This was happening to me last year with my 2005 Taurus. I called Ford and they basically told me that I was crazy and for me to keep driving it. After attempting to take the car to the dealer and having it accelerate on me again during rush hour in DC traffic, forcing me to get a tow truck, I decided to never drive it again. I've been afraid to sell it too because I don't want to have anyone else drive the machine of death. So, I'm out thousands for buying a defective car and now I'm out the resale value of it to. I'm not the only one that's had this issue, all you have to do is google sudden acceleration and Taurus and you'll see thousands of complaints, almost all of which have been called into Ford. In some cases you see people pleading for more information after their loved ones have died due to this defect. Ford knew about this and didn't do anything until the Federal Government got involved, and that is grounds for serious lawsuits. I also wonder how much is a life worth to Ford? I bring that up because I myself asked the gal on Ford's complaint line how many people had to die before this issue was resolved, and her response was: "Sir, the statisticians decide that." Makes me sick.
I understand your concern. This happened to me a while back (probably a good bit before the time this thread started) and it was definitely scary, but I did notice the cruise control cable had popped off the throttle and wasn't moving with it. This seemed to cause it and I promptly pulled a good old black zip tie out and secured it back to the assembly. This "fixed" the problem and I've been driving it ever since without a problem. It looks like the problem is a plastic tip on the end of the cable gets worn down and doesn't remain secured in the assembly any longer. As I said, a nylon zip tie wasn't exactly the most high-tech solution but even my mechanic (and a Ford technician at the Dealer on one visit for another service) said it wasn't bad and would likely hold up longer than the original configuration. This is my third Taurus (all with 3.0L Vulcan engines) and it hasn't really dissuaded me from driving the car or losing faith in the Ford brand. I still drive it every day; a 72 mi. round trip to work and back. I hope you got your issue resolved.
This was happening to me last year with my 2005 Taurus. I called Ford and they basically told me that I was crazy and for me to keep driving it. After attempting to take the car to the dealer and having it accelerate on me again during rush hour in DC traffic, forcing me to get a tow truck, I decided to never drive it again. I've been afraid to sell it too because I don't want to have anyone else drive the machine of death. So, I'm out thousands for buying a defective car and now I'm out the resale value of it to. I'm not the only one that's had this issue, all you have to do is google sudden acceleration and Taurus and you'll see thousands of complaints, almost all of which have been called into Ford. In some cases you see people pleading for more information after their loved ones have died due to this defect. Ford knew about this and didn't do anything until the Federal Government got involved, and that is grounds for serious lawsuits. I also wonder how much is a life worth to Ford? I bring that up because I myself asked the gal on Ford's complaint line how many people had to die before this issue was resolved, and her response was: "Sir, the statisticians decide that." Makes me sick.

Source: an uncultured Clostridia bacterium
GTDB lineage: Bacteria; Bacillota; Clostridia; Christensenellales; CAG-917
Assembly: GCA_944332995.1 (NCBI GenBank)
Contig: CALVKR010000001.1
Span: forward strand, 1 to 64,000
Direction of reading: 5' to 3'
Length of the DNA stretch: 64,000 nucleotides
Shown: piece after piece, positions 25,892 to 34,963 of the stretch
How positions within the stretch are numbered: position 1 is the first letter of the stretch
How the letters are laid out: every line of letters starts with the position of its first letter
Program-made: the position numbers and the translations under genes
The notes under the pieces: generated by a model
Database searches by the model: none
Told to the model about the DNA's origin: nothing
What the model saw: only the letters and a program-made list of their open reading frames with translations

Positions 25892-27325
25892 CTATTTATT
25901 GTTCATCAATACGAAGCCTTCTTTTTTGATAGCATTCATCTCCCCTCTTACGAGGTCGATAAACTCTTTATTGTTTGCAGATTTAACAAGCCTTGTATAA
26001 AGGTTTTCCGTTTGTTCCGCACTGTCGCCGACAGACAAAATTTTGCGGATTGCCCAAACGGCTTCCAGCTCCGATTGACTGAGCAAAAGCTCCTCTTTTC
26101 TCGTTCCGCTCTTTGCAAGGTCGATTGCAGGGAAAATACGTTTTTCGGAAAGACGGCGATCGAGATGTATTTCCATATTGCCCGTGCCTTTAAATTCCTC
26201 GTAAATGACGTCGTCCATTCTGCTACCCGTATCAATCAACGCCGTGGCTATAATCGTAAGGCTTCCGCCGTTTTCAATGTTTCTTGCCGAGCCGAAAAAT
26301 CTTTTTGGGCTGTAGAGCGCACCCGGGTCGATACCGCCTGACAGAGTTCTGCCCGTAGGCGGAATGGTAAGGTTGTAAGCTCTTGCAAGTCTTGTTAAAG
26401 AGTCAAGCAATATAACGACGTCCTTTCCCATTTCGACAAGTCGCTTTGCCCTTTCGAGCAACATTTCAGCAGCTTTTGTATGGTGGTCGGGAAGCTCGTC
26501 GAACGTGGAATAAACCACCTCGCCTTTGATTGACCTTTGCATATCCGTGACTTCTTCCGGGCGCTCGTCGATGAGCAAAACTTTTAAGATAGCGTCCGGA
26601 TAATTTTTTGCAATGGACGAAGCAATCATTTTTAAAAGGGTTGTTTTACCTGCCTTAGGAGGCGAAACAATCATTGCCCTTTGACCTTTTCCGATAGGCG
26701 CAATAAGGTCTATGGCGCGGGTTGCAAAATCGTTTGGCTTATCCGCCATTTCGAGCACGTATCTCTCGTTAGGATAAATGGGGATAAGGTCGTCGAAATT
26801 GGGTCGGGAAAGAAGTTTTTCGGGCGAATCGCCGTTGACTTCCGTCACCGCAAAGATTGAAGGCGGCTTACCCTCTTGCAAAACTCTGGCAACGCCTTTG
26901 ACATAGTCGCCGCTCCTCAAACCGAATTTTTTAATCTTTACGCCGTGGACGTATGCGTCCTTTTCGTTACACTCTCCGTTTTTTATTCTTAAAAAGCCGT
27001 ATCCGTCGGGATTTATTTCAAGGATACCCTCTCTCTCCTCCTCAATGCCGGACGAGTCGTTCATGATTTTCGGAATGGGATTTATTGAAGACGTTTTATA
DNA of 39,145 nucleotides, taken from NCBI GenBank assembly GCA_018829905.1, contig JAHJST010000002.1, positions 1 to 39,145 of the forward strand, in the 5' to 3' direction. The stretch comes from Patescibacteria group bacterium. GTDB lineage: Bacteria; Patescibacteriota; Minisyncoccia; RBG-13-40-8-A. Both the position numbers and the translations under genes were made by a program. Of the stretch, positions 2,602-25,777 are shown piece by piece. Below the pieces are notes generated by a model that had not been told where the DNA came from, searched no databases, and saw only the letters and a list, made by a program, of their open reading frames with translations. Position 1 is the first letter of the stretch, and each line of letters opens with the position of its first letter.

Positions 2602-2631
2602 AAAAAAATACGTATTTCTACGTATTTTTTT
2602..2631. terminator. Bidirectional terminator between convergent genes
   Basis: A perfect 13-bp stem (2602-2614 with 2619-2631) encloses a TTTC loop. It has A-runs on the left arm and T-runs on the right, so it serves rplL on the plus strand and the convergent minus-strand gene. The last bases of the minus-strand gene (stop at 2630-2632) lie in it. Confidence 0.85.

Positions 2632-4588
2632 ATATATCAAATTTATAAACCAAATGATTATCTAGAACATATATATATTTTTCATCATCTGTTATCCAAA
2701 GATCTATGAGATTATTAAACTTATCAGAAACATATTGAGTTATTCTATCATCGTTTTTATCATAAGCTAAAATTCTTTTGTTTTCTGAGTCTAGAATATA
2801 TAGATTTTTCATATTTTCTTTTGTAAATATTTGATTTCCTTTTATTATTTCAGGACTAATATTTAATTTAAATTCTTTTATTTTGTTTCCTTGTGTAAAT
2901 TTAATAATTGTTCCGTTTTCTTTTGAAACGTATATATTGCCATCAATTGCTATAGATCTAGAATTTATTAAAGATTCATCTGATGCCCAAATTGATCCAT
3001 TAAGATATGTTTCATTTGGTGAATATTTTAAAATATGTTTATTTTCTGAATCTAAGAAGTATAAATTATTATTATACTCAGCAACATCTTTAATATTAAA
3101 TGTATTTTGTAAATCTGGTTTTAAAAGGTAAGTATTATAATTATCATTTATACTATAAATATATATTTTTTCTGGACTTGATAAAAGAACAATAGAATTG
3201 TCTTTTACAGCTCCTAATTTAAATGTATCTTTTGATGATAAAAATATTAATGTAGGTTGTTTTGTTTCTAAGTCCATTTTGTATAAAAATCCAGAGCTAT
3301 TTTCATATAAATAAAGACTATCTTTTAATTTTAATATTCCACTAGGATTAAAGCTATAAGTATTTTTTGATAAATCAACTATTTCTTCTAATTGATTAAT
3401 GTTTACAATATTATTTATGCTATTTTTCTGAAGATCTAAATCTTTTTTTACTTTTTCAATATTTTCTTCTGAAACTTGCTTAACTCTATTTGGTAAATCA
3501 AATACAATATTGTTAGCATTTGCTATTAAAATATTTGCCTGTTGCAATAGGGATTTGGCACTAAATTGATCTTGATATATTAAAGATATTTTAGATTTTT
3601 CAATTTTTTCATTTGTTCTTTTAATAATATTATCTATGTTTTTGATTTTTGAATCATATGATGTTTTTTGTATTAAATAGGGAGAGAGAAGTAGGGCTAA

I have a 2006 Taurus that kept accelerating after letting up on the gas. It was hard to stop while pressing on the brake. Fortunately my daughter who was driving thought to put it in neutral so she would stop. I found the problem to be in the cruise control linkage. I "fixed" it with duct tape and it has help over a year now. Wish Ford would fix it for good.
I have a 2001 Mercury Sable that i just got few months ago and mine is doing this to. When i take it out of park and put in gear i dont have to give it gas sometimes, it goes on its own. I got up to 25mph before the accelerator stop going on its own. It idles below 1 so i know its not the idle that made it do that. It has been doing this for the past month. Going down the higway if you take your foot of the gas better put the break on cause taking foot of gas wont do anything, it acts like never took foot off gas.